Table 2.1 shows the differences between the definition of migration by GROMS and by CMS. CMS does not include migrants within large range states, as they do not cross national boundaries. For example, the endangered black-fronted tern (Chlidonias albostriatus) migrates more than 100 km within New Zealand, but it does not cross political boundaries. On the other hand, technical migrants listed by CMS, such as the whiskered bat (Myotis mystacinus), probably move within the 100 km limit, but cross European borders, where they are protected by the EUROBATS agreement (see Table 2.3).

Tab. 2.1: Classification of migratory behaviour as used in GROMS.

For CMS, a migratory species has to cross political boundaries, while GROMS focuses on "true migrants" covering more than 100 km, or crossing from sea to freshwater. A species with intracontinental migration is not necessarily a CMS migrant, as migration might occur within one range state. Therefore, the respective category is put in brackets (+).

Tab. 2.1: Einteilung des Wanderverhaltens im Weltregister wandernder Tierarten.

Gemäß der Bonner Konvention muß eine wandernde Art politische Grenzen überqueren, während das Weltregister nur "echte Wanderarten" berücksichtigt, die mehr als 100 km zurücklegen. Eine intrakontinental wandernde Art erfüllt nicht notwendigerweise die Definition der CMS, da die gesamte Wanderung innerhalb eines Staates stattfinden kann. Die entsprechende Kategorie steht deshalb in Klammern (+).

Category Explanation CMS-migrant GROMS-migrant
(> 100 km)
Major category
Non-migratory Non-migratory
GROMS migrant Migratory according to GROMS definition (+) +
Technical migrant Movements across borders by members of populations living in contiguous areas on either side of one or more national boundaries (border taxa) + (+)
Partial Minor part of population migratory (+) (+)
Possibly migratory Some references indicate possible migration    
Data deficient Possible migrant for theoretical reasons, but no data available    
Subdivisions of GROMS migrants
Intracontinental Within continents (+) +
Intercontinental Between continents + +
Nomadising Following resources, often without predictable temporal patterns. (+)
Emigration Mass migrations after population explosions
Range extension E.g. post-breeding dispersal of birds or bats (+) (+)
Marine organisms (except fish)
Interoceanic Movement between different oceans or transoceanic + +
Intraoceanic Within oceans or continental shelves + (+)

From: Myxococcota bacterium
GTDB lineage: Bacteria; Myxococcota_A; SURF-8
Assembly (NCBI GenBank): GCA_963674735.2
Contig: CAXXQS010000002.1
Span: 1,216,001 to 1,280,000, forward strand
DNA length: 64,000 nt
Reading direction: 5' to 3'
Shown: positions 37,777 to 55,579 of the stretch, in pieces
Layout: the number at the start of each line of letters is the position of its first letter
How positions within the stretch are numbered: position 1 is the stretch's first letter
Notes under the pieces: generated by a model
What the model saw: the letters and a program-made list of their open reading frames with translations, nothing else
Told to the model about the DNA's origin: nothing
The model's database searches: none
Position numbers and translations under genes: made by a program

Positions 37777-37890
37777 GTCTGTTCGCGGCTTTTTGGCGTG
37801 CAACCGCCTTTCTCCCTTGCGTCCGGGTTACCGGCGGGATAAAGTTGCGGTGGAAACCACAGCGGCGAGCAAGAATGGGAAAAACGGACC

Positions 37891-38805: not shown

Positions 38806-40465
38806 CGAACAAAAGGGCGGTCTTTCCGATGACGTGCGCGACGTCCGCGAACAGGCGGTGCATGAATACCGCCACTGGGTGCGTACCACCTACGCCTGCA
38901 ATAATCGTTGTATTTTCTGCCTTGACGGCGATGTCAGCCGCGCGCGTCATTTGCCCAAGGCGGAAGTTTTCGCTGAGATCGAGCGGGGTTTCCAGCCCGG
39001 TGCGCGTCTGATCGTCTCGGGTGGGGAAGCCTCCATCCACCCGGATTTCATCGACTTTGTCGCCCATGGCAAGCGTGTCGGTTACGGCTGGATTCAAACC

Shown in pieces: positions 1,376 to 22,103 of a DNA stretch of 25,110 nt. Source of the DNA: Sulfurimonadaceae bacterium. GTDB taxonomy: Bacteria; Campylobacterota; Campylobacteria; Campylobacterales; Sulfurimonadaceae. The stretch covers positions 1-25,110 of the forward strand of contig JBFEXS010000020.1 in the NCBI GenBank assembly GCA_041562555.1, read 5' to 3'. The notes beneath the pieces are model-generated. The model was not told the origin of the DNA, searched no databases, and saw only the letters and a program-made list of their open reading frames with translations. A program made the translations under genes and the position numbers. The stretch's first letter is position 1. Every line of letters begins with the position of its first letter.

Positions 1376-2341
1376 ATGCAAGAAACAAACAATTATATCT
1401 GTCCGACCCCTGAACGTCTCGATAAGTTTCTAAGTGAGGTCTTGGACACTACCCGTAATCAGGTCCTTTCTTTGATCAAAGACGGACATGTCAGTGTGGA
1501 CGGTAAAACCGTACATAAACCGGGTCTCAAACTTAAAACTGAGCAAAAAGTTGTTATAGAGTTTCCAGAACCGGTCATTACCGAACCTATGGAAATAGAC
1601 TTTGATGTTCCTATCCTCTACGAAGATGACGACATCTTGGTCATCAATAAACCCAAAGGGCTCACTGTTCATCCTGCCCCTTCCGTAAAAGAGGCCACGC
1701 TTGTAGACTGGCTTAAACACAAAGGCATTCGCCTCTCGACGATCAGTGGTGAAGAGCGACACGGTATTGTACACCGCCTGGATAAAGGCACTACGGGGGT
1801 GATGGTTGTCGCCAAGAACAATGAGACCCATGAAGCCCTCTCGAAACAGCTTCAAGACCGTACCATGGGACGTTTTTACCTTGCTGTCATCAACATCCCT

Fish migrations
Anadromous Return from ocean to fresh water for reproduction, subdivision of diadromous (+) +
Catadromous Migration into the sea for reproduction, subdivision of diadromous (+) +
Amphidromous Migration between sea and fresh water for feeding, subdivision of diadromous (+) +
Potamodromous Well-defined migration within streams and rivers (+) (+)
Limnodromous Within lakes (+) (+)
Oceanodromous Within sea water (+) (+)

There might be a considerable number of additional border taxa which cross political boundaries during small-scale or vertical migration. Johnson & MacLean (1994) address short-distance, but regular migration of birds from high to low altitude with season in Natal, where steep altitudinal gradients span huge changes of climate. Such migrations might involve crossing of boundaries. For example, the species-rich regions between Ecuador and Columbia would probably reveal a considerable number of technical migrants qualifying for CMS-listing. However, the identification of these short-distance migrants is much more difficult and far beyond the present scope of GROMS. In addition, it might be asked if a considerable increase of CMS-appendices by technical migrants can be handled efficiently. Finally, it must be reminded that political boundaries changed considerably during the last decades. In the future, the GROMS listing will allow a rapid identification of migrants which suddenly do qualify for CMS listing in case of political subdivision of large range states.

Background: current state of knowledge < Definition of migratory Species > Knowledge about migratory species

This document should be quoted as part of the publication "Riede, K. (2001): The Global Register of Migratory Species ­ Database, GIS Maps and Threat Analysis. Münster (Landwirtschaftsverlag), 400 pp." + CD

 by Klaus Riede